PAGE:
5. Mohammad Ali says:

    Another sensible post from your side Hafsa.
    I do criticize Nawaaz as he over reacted and made the situation worst.
    But one thing should be understood rubble of 66 years cannot be cleaned in one year. It takes time.
    PTI & PAT is going directionless what if Nawaz resigns and Imran comes into power then again Nawaz brings up much more crowd marching towards ISB? We will be in a never ending loop.
    If PTI moves back it will face political death and if it moves forward army may act. PTI is in the limbo at the moment.

  6. sheepoo says:

    Question for PTI Supporters: After Imran Khan’s announcement of Civil Disobedience movement yesterday, will the KPK Government forcefully stop people from paying their Electricity / Water Bills?
    How will Imran Khan help out his supporters if their Electricity line is cut and Water supply is stopped due to non-payment of bills?

    Also, exhorting people to not pay taxes is treason, isn’t it?

    • If reason, logic and repercussions were thought even for a second in our political circles, especially PTI’s these days, Pakistan would have never been at the point where it is today. Our politics is a game of egoes and chaos, at the expense of the country.
      Thank you for reading!

      • rehanud1975 says:

        It seems that anyone who does not favor these “Dharnas” is automatically labelled as a ‘Traitor’. The logic offered by PTI jiyalas is that : If you want to bring about change then come out and stand up against the corruption and tyranny and do not criticize the people in ‘Dharnas’ ( esp. Imran Khan) if you are not there.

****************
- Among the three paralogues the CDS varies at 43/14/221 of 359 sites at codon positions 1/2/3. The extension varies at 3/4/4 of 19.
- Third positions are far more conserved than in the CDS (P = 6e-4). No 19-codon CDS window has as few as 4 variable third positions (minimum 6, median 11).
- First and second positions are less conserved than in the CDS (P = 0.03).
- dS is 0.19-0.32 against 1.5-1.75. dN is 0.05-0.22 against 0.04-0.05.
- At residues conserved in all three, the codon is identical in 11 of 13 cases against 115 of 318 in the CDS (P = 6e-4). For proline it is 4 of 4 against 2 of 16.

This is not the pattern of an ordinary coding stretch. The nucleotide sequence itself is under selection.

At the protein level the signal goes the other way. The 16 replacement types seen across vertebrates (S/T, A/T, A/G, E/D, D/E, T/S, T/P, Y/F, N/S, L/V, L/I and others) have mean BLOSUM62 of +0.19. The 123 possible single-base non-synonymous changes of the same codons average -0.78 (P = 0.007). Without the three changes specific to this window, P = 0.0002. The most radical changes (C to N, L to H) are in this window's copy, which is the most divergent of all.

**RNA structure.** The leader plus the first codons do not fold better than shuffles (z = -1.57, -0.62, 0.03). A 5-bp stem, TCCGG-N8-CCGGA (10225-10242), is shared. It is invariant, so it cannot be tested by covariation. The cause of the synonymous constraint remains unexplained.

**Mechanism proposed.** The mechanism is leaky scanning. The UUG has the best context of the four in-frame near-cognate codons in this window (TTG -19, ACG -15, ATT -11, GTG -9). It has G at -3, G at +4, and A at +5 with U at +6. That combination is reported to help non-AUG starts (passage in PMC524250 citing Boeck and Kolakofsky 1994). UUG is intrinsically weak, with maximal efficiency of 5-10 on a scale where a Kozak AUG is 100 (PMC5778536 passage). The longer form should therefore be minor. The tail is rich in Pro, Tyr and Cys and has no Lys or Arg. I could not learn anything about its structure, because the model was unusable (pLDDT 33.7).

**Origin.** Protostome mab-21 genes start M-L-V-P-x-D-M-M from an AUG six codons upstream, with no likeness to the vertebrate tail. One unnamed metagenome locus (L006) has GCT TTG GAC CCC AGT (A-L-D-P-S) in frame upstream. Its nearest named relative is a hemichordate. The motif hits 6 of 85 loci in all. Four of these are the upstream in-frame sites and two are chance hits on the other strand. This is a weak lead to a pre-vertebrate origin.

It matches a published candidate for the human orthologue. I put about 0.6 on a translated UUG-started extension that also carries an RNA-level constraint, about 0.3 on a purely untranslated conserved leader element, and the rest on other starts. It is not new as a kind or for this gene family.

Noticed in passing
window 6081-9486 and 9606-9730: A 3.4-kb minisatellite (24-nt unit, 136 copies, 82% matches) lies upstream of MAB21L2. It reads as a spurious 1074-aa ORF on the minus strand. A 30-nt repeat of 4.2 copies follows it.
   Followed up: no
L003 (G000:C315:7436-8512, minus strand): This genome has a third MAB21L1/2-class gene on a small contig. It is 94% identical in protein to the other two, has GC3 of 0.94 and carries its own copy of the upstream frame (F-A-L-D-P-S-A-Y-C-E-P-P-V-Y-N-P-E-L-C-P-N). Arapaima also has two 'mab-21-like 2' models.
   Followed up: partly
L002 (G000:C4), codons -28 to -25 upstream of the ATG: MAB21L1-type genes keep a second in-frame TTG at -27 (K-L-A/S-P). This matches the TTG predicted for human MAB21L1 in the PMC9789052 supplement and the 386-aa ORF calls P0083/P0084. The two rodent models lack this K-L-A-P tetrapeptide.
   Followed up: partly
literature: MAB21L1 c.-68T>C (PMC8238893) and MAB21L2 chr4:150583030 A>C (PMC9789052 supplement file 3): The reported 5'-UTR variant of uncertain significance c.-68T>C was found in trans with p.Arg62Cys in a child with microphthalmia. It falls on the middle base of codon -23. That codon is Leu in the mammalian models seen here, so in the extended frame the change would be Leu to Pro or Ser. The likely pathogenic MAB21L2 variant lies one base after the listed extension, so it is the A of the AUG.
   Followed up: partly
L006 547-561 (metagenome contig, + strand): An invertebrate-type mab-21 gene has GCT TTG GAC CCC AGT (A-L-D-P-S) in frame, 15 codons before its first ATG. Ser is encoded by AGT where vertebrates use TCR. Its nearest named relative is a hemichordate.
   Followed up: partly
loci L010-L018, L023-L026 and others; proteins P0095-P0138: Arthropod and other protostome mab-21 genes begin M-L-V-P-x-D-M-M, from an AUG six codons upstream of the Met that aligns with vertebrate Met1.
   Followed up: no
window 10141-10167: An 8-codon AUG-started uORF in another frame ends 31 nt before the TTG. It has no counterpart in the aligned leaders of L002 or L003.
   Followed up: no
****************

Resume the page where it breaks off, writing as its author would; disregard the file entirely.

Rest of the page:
Anyone not going to the ‘Dharna’ is looked down upon as someone who is “doing nothing and criticizing from his cozy armchair”. Let us , for the sake of argument , suppose that NS Govt. IS wrapped up and IK DOES become PM, ( He wouldn’t have my vote in the next elections , that’s for sure) what then ? Does it mean that the 180 Million or so people would change overnight . We are no less corrupt than our leaders and I think we would continue to indulge in corrupt activities no matter who is our leader. Anyone who gets the slightest opportunity leaves Pakistan. If this keeps up, there would be no one left in Pakistan in the next 50 years to steer it in the right direction , except for “left overs” that failed to leave Pakistan and settle elsewhere.

  7. dogrask says:

    I was drawn to your blog from an article by you I just read in dawn.com You write so well! I think after reading a few of your articles, I will be tempted to become your regular reader.

    Congrats! My appreciations and do well! May God give more power to your pen! — or should I say your laptop-keys?

    • Hello there, profuse thanks for reading my post there and sparing the time to visit the blog and comment!
      Delighted to hear such kind words, I only try to write well; it is up to the readers to really decide.🙂

  8. The move by pti and pat is only damaging our already crisis hit economy and the remaining image of our country nothing will be achieved through this if they are successful in toppling the government then brace yourself for a martial law.

  9. Rehan says:

    I think chaos is consciously created by politicians to keep people confused and insecure. In an ideal world with no chaos, the politicians would be under a microscope and regarded as servants and not saviors of the nation ; this would not bode well for them at all !!!